“The definition of hazardous materials in the existing regulations is outdated and expansive and does not meet the current norms in OECD member countries. Similarly, the definition differs from that stipulated in the Hazardous Materials Law (1993) and the regulations relating to the import and export of hazardous materials, including those stipulated in the addendum to the Hazardous Materials Law. The process of examining and classifying this waste material proposed in these regulations is based on accepted international principles and documents, primarily the European Union’s list of hazardous waste, as well as on standard inspection methods.”

Radioactive waste is buried, as already mentioned, at the Nuclear Research Center in Dimona. Very little information has been published over the years about that site. Nonetheless, statements made to the Knesset in 1993 by then environment minister Yossi Sarid do hold some information. In response to a parliamentary question, Sarid confirmed that Israel’s nuclear waste is, indeed, buried in Dimona and that “Israel has no other site for nuclear waste.”

He added that “the suitability and adaptation of the site were examined by the Israel Atomic Energy Commission, under the supervision of the Committee for Nuclear Safety” and that “Israel does not dispose of its nuclear waste overseas. In certain cases, sealed radioactive sources, usually from hospitals, are returned to their country of origin once they have been used.”

Responses:

Ministry of Environmental Protection: “Appropriate Levels of Background Radiation were Measured in the Area” | The Volcani Center: “The Campus is in Order.”

The Ministry of Environmental Protection said in response: “During an inspection carried out by the Ministry of Environmental Protection at the Volcani Center, we found barrels containing various types of radioactive materials that the institute was licensed to use. As required by law, these barrels were found in a dedicated storage room. Tests carried out during the inspection revealed appropriate levels of background radiation in the area, and there was no danger of exposure to radiation to employees or civilians on the campus.

“When experts from the ministry spoke to the person in charge of radiation safety at the Volcani Center, it became clear that the barrels had been accumulated over the past 10 to 15 years. In accordance with the radiation license granted to the Volcani Center, it must dispose of any radioactive waste that is not in use. Therefore, the ministry demanded the immediate disposal of the radioactive waste at a dedicated site. The Volcani Center reported to the ministry that this will take place in the coming days.”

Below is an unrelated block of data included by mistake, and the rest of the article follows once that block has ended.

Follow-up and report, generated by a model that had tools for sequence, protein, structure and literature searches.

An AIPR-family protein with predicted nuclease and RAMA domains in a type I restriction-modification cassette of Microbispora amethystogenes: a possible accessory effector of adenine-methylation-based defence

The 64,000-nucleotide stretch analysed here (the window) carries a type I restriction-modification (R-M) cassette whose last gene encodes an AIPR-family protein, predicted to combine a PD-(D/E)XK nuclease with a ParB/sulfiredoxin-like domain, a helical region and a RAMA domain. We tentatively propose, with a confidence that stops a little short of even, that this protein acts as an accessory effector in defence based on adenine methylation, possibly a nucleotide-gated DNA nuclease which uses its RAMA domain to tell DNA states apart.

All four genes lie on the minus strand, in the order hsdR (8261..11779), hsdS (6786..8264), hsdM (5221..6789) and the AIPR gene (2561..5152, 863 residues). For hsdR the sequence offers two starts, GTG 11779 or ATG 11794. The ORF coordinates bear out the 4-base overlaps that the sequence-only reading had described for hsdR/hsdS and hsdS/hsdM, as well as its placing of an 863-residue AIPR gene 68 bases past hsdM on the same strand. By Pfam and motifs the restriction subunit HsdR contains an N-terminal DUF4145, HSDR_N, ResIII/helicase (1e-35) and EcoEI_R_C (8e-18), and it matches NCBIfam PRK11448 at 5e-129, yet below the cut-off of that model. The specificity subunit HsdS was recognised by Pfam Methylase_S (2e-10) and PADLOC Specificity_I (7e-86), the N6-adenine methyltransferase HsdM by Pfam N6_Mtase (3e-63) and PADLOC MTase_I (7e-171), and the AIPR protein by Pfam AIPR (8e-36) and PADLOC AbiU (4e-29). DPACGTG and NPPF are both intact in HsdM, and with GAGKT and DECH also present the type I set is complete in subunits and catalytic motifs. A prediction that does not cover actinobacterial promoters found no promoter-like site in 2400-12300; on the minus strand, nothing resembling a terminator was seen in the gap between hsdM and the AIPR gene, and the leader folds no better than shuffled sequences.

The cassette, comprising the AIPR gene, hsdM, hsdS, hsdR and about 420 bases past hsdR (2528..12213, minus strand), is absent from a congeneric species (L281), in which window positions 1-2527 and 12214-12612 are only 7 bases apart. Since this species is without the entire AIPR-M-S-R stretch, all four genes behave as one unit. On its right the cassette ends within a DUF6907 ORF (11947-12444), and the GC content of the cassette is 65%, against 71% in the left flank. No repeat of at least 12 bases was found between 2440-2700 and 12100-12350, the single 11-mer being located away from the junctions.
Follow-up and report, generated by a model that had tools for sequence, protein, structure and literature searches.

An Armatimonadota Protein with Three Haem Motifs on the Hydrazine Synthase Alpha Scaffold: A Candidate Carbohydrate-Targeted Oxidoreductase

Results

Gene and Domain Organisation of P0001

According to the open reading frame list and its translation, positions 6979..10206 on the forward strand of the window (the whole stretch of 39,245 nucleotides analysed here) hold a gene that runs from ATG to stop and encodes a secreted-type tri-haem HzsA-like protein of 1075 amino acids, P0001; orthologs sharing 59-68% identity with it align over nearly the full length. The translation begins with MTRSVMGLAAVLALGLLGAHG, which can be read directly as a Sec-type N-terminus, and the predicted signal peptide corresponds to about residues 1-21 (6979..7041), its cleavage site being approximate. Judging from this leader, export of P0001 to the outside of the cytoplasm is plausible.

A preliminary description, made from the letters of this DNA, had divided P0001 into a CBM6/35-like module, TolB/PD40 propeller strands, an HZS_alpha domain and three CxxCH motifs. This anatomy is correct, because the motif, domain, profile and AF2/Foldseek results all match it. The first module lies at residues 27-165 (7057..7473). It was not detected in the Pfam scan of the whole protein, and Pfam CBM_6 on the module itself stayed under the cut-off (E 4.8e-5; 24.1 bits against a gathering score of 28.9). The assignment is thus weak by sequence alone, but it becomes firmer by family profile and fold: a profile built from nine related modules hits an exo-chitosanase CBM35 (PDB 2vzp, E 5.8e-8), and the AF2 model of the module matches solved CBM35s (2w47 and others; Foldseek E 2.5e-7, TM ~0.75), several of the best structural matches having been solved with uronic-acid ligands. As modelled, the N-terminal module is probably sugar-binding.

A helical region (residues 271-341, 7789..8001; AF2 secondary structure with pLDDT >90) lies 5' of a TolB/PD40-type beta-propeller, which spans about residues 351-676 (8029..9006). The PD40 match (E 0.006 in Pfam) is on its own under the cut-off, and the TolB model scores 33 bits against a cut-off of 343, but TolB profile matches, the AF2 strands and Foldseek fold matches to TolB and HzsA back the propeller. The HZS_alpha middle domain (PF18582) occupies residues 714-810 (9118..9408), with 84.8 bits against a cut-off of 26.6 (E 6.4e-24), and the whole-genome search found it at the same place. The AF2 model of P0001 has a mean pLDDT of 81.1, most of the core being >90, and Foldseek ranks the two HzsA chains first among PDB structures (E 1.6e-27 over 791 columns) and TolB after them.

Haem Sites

The Volcani Institute responded: “The Volcani Institute is legally allowed to handle radioactive materials or products containing radioactive materials, under the supervision of an authorized laboratory and the Ministry of Environmental Protection. One of the facilities included in this permit is a site for the storage of waste material, where it is acceptable to store the waste. This site meets all the criteria of the license. Every few years, waste material is disposed of at the Negev Nuclear Research Center in accordance with the current assessment of available storage space and justified disposal. The waste is stored in accordance with the regulation in specially designed metal barrels for radioactive waste, which are purchased from the Nuclear Research Center and which have special plastic liners inside them.

“Together with the authorized laboratory, a process of communication with the Nuclear Research Center was established in December 2021 to dispose of the existing waste. During the inspection conducted by the Ministry of Environmental Protection in May 2022, the ministry was updated about the disposal process, supported the decision, and said that the campus was safe. The imminent disposal of the materials was set for September 8.

“It is important to note that open radioactive materials used for research are, for the most part, isotopes with relatively short half-lives and, after six months, are no longer considered radioactive. In a tiny fraction of cases, use was made of isotopes with especially low radiation, which cannot even penetrate a piece of paper. In practice, most of the waste is no longer radioactive shortly after it is put in the barrel.

“Following a move to innovative analysis techniques, which do not require the use of isotopes, the volume of radioactive work with open sources is negligible, and the amount of waste produced is also negligible.”

This is a summary of shomrim's story published in Hebrew.